Natural repellents based on plant-derived molecules and aromas to curb the invasive red fruit flyThe new granted project consists of designing a biological pest control strategy to prevent the spotted-wing fly from attacking red fruits.
• In a first phase, the volatile molecules emitted by both plants and fruits will be analysed to identify those with the strongest repellent effect.
• Other plants that release volatile compounds with the same effect will also be sought to intersperse them among the affected crops.
Researchers from the Institute of Agriculture and Food Research and Technology (IRTA), the Centre for Research in Agricultural Genomics (CRAG), and the University of Salamanca (USAL) are launching the "GreenSuzukii: biological control of Drosophila suzukii using plants as volatile biofactories" project to find a new solution to combat the spotted-wing fly (Drosophila suzukii) plague based on biological control. This is a fly of Japanese origin that affects red fruit crops such as cherries, strawberries, raspberries or blueberries. Females inject eggs into the interior of fruits and, when the larvae emerge, they destroy much of the fruit to the point of causing devastating effects. So far, several strategies have been tried without success, such as the use of broad-spectrum insecticides, which go against European environmental policies and generate resistance, and covering the plantations with physical barriers. Now, with the GreenSuzukii project, the research teams want to identify the volatile and aromatic molecules of the same plants and red fruits that are victims of the plague to find those with the most potential repellent for the fly. On the other hand, they will look for other plants that also emit repellent molecules for the insect and intersperse them between the crops. With all this, "the objective is to implement this new technology in a pest management program that integrates the use of biological control and natural pollinators," say Jordi Riudavets and Judit Arnó, researchers from the IRTA's Sustainable Plant Protection program and coordinators of the project.
In the first phase, IRTA will evaluate the effect of the volatile organic molecules from strawberries, raspberries and blueberries on the fly in its experimental greenhouse sites. At the same time, it will study whether this system is compatible with other insects that act as natural enemies of pests and pollinators. In parallel, CRAG will study the genetic mechanisms that make plants emit more or fewer molecules and in which parts of the plant they are generated and accumulated.
"We have many previous studies on the aromatic and volatile molecules of strawberries and raspberries, so they will serve as a model to see if they act as a repellent to the fly and then we will study it in other red fruit crops," explains Amparo Monfort, IRTA researcher at CRAG and head of the Genetics and Genomics of Rosaceae group.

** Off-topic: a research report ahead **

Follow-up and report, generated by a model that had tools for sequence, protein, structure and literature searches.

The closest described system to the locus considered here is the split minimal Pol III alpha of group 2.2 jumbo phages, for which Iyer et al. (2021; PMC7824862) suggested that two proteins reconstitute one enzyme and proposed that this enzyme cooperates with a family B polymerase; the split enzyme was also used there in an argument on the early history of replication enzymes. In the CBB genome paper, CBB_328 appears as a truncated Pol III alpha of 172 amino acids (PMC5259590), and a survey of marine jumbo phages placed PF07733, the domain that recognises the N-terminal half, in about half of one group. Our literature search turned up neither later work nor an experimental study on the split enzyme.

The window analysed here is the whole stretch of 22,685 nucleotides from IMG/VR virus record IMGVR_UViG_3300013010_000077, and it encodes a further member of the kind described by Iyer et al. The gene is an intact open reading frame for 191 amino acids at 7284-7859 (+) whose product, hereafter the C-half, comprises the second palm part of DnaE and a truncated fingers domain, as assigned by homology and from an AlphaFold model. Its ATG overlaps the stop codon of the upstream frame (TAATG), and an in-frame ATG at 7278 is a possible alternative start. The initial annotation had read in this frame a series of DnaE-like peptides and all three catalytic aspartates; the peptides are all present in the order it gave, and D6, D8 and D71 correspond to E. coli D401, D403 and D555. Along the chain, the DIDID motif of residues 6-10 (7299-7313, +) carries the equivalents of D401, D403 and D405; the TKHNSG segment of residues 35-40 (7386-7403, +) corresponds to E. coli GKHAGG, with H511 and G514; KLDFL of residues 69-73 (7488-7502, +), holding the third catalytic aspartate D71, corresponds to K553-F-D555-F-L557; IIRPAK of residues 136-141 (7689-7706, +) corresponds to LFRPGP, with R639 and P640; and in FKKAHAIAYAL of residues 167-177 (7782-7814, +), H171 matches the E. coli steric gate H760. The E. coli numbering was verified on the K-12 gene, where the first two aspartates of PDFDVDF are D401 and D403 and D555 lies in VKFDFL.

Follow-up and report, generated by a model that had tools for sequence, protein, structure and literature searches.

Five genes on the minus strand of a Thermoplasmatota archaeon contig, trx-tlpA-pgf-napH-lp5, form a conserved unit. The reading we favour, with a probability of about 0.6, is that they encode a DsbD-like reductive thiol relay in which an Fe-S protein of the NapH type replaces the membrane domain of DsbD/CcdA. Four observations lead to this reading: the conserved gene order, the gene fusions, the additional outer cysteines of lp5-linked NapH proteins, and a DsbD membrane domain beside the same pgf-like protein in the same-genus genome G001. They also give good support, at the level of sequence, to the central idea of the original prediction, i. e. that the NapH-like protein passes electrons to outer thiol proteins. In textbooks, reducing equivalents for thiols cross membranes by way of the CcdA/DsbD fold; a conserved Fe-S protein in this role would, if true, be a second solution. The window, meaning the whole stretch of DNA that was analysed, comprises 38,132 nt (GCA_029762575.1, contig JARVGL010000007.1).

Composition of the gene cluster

Finally, scientists from the Excellence Unit for Agricultural Production and Environment 'AGRIENVIRONMENT' of the Institute for Agribiotechnology Research (CIALE) of the USAL will identify other plants that emit useful molecules for controlling the fruit fly and that can be planted interspersed among the affected crops. Researchers Óscar Lorenzo and Ricardo Costa from USAL explain that "the goal is to develop the most effective agronomic practices for growing and maintaining these plants and to study the times of the year when it would be appropriate to plant them according to the life cycle of the fly. One of the difficulties in dealing with this pest is that the fly has a very short life cycle, which makes it reproduce very quickly".
According to the experts, "we are still far from completely dispensing with pesticides, but thanks to projects like this, the use of pesticides could be reduced and nature could work with and for us. If we show that it is an effective technique, we will transfer it to farmers and the agri-food industry to apply it in real conditions and reduce the impact of this pest." Currently, the spotted-wing fruit fly is distributed throughout Europe and America, and it was first detected in the Peninsula in 2008 in Catalonia, spreading rapidly throughout the territory.
The "GreenSuzukii: Biological control of Drosophila suzukii using plants as biofactories of volatiles" project has received funding from the State Research Agency through the "Projects Oriented towards the Ecological Transition and the Digital Transition" call with Next Generation EU Funds and will be presented on the 1st and 2nd of February at the Fonseca Hostelry of the University of Salamanca.
About the funding of the project
Project TED2021-130898B-C32 funded by MCIN/AEI/10.13039/501100011033 and by the European Union NextGenerationEU/PRTR.